Do Disinfectant Wipes Really Kill Germs Effectively?
Everything from hand sanitiser to rubber gloves to cleaning sprays has been flying off the shelves lately. Another cleaning product in crazy-high demand? Disinfectant wipes.
But now more than ever, there are also lots of claims and conflicting info being thrown around about what products are most effective when it comes to ridding your home of germs and viruses. So if you’re reaching for any ol’ wet wipes to clean, there’s some info you should know. It’s surprisingly *not* as simple as brushing just any wipe over a surface and calling it a day.
First off, it’s important to know the difference between cleaning and disinfecting. You can clean objects or surfaces with soap and water to physically remove some germs from them, according to the Centers for Disease Control and Prevention (CDC). While this won’t necessarily kill germs, it does reduce them, numbers-wise, and lowers the risk of spreading infection. When you disinfect something, on the other hand, that means you’re using an actual chemical agent to kill germs — which is where cleaning products such as disposable disinfectant wipes come in.
What exactly are disinfectant wipes — and how do they work?
Hard surface disinfecting wipes work to destroy bacteria, fungi, and viruses in 10 minutes or less after application, and they prevent new bacteria from forming, says Dr Rodney Rohde, associate dean of research and professor of virology at the College of Health Professions at Texas State University. Brands that fall into this category include Clorox, Lysol, Seventh Generation, Dispatch, Micro-Scientific, Performacide, among many others.
Disinfectants can act on microorganisms and kill germs in two different ways, says Rohde: growth inhibition or lethal action, both of which involve a chemical acting on bacteria, viruses, and fungi to break up its components. Breaking up the pathogens either outright destroys them (yep, lethal action!) or breaks the cell membranes and proteins down enough that they can’t multiply (growth inhibition). Disinfectant wipes contain active ingredients such as hydrogen peroxide, isopropyl alcohol, or ethanol, as well as quaternary ammonium compounds, to do this dirty work.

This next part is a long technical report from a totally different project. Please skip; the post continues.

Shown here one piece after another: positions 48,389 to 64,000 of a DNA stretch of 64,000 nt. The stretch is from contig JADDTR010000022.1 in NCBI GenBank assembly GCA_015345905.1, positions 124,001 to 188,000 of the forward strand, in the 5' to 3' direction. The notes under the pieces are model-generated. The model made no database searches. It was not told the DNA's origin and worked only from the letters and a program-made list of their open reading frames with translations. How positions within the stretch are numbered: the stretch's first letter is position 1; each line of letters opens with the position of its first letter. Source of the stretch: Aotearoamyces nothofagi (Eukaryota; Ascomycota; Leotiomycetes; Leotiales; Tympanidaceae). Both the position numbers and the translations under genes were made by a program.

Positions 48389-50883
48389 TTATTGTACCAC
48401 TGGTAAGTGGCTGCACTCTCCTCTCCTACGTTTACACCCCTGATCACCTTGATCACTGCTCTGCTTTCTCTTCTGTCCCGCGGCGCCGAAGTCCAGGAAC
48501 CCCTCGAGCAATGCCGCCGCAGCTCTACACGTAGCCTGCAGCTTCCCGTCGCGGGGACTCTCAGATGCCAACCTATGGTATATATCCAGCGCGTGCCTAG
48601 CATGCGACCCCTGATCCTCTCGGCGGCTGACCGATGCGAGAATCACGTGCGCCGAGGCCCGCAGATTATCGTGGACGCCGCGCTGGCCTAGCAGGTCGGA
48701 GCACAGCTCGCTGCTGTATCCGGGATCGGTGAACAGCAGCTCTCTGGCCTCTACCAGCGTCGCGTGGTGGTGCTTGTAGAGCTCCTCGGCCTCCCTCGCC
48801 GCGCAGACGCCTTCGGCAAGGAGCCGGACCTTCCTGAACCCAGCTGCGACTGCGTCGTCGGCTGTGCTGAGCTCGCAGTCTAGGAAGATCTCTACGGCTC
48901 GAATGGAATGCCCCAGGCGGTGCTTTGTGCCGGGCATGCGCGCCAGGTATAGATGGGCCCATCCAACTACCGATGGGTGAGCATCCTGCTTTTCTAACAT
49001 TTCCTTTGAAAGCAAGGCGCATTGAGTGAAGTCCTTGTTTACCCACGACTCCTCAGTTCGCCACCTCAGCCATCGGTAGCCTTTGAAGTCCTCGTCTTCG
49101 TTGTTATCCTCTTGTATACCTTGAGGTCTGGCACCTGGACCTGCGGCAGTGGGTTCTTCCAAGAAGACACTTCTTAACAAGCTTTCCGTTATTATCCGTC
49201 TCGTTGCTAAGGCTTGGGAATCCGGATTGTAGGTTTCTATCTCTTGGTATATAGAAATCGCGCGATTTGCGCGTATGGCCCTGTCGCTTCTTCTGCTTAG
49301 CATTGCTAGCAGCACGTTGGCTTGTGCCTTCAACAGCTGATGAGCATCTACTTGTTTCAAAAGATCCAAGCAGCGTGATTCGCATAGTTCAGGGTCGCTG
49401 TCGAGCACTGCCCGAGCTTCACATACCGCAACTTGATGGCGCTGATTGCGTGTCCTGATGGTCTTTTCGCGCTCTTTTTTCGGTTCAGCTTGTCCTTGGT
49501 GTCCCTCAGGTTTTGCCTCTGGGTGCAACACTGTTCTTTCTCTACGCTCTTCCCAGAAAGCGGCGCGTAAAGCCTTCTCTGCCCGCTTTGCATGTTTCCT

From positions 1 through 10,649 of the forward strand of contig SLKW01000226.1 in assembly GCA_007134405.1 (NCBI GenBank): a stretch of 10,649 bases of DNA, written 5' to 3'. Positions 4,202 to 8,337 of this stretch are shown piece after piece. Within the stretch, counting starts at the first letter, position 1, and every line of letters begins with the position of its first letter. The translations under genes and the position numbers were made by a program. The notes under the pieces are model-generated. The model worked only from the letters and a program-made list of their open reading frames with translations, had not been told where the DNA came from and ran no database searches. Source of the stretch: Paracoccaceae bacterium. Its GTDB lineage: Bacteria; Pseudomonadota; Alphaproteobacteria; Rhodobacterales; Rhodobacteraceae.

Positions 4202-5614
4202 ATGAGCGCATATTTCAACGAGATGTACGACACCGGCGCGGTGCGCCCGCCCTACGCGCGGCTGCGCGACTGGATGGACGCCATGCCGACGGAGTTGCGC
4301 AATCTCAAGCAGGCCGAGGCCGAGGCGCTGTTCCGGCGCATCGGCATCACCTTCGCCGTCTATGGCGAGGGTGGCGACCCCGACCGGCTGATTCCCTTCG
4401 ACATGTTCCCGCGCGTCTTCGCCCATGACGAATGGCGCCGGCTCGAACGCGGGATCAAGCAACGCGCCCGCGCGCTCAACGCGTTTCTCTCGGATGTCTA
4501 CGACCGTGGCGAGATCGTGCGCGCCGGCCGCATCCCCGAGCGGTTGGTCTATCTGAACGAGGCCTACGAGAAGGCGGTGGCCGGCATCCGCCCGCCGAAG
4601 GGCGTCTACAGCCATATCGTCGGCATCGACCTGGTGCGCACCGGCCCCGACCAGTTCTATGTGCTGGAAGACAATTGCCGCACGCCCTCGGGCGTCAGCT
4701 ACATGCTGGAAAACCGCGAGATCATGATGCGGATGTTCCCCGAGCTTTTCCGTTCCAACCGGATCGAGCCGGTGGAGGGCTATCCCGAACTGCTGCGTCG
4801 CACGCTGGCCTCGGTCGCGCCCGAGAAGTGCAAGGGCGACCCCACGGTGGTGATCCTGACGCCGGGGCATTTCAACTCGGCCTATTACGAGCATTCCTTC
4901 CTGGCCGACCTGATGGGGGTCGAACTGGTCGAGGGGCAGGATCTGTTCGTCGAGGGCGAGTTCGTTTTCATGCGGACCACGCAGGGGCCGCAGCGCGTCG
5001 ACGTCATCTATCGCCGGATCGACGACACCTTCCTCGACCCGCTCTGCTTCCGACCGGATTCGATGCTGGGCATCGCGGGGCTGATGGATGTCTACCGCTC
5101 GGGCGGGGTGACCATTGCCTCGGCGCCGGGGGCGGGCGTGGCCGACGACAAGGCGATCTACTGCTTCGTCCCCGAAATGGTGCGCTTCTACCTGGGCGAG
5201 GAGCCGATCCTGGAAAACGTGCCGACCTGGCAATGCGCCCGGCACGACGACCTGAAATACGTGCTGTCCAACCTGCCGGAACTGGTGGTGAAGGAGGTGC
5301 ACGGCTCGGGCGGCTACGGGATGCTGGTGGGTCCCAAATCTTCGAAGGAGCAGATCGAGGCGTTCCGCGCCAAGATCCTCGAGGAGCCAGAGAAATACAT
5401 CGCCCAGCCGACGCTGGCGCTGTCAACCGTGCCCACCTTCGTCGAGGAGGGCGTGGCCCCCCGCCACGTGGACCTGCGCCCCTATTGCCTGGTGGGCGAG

Disinfectant products (wipes, sprays, etc.) take several minutes to work to kill germs (more on that below), unlike simply cleansing something with a sponge and soap and water, which will reduce germs right away (but won’t necessarily kill them!). Disinfectant products are the only way to guarantee that *all* types of germs are eliminated, which is why they’re what’s preferred for use in health-care settings. Disinfectants also prevent cross-contamination, which often contributes to mass outbreaks in many industries.
Rohde also notes that it’s important to know the difference between disinfectant wipes and sanitising wipes, as the latter cannot kill fungi, mould, mildew, and viruses, and are often ineffective if your surface isn’t pre-cleaned with soap and water before using them. “Sanitising a surface simply means you’re reducing microorganisms to levels that are considered safe, rather than eliminating or killing them,” he explains.